ASIC media releases are point-in-time statements. Please note the date of issue and use the internal search function on the site to check for other media releases on the same or related matters.
16-374MR ASIC bans Brisbane life insurance financial adviser for five years
ASIC has banned Mr Christopher Young, a life insurance financial adviser, from providing financial services for a period of five years.
Mr Young was an authorised representative of Affinia Financial Advisers Pty Ltd (Affinia) in the period 12 June 2013 to 23 July 2015.
ASIC commenced surveillance on Mr Young in mid-2015, which included a review of a number of his client files from the time he was an authorised representative of Affinia.
As a result of the surveillance, ASIC found that Mr Young had failed to act in his clients' best interests when providing advice and that he had failed to comply with several financial services laws.
In particular, it was found that Mr Young failed to:
- provide sufficient detail in Statements of Advice to enable his clients to make informed decisions about his advice;
- keep proper records; and in some instances, he had created false or misleading client file notes;
- make reasonable enquires into clients' relevant objectives, financial situation and needs;
- determine if the amounts of insurance cover he recommended were appropriate and if premiums were affordable and payment could be maintained by clients;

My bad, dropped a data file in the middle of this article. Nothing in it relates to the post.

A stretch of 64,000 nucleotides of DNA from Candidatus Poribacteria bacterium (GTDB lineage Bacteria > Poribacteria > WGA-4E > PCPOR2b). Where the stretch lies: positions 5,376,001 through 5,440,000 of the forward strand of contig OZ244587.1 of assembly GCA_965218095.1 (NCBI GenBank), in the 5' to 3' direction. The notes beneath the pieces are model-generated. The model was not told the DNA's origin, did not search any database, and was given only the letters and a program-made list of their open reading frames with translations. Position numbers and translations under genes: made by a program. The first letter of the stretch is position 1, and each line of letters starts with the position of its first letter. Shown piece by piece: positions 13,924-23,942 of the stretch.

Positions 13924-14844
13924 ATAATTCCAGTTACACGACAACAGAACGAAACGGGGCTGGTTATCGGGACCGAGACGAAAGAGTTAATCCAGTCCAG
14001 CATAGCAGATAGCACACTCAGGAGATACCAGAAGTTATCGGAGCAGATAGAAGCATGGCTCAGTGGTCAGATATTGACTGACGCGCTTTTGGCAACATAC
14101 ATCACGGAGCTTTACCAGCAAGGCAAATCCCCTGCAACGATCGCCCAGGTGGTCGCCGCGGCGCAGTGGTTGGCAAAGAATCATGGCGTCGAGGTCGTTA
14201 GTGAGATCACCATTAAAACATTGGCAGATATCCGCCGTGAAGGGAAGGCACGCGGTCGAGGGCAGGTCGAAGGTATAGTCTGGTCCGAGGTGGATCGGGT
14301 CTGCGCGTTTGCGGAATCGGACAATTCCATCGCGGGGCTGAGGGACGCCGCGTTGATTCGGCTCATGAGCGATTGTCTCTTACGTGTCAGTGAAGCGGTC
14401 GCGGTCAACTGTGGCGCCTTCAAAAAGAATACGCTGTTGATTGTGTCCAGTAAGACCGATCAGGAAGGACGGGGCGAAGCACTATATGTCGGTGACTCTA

- conduct a reasonable investigation into financial products that might achieve the objectives of the clients;
- provide the required information about his remuneration and other relevant interests when providing financial product advice; and
- demonstrate the ability, professional skills and knowledge required to competently provide financial services.
ASIC Deputy Chairman Peter Kell said, 'Consumers should be confident that their financial adviser is acting in their best interests'.
'The business model of simply 'selling' life insurance without complying with the legal and regulatory obligations will not be tolerated by ASIC. Advisers who do so will be removed from the industry.'
ASIC's action was a response to information it received from the licensee, Affinia, regarding potential systemic concerns about advice provided by Mr Young in relation to insurance and superannuation products.
Following the identification of these concerns, and after Mr Young had ceased as a representative of Affinia in July 2015, Affinia reviewed all advice provided by Mr Young and implemented a remediation program for affected clients who had received advice from him.
Editor's note 1:
Mr Young has sought review of ASIC's decision in the Administrative Appeals Tribunal (AAT).
Editor's note 2:
On 16 May 2017, the application for review of ASIC's decision was formally withdrawn.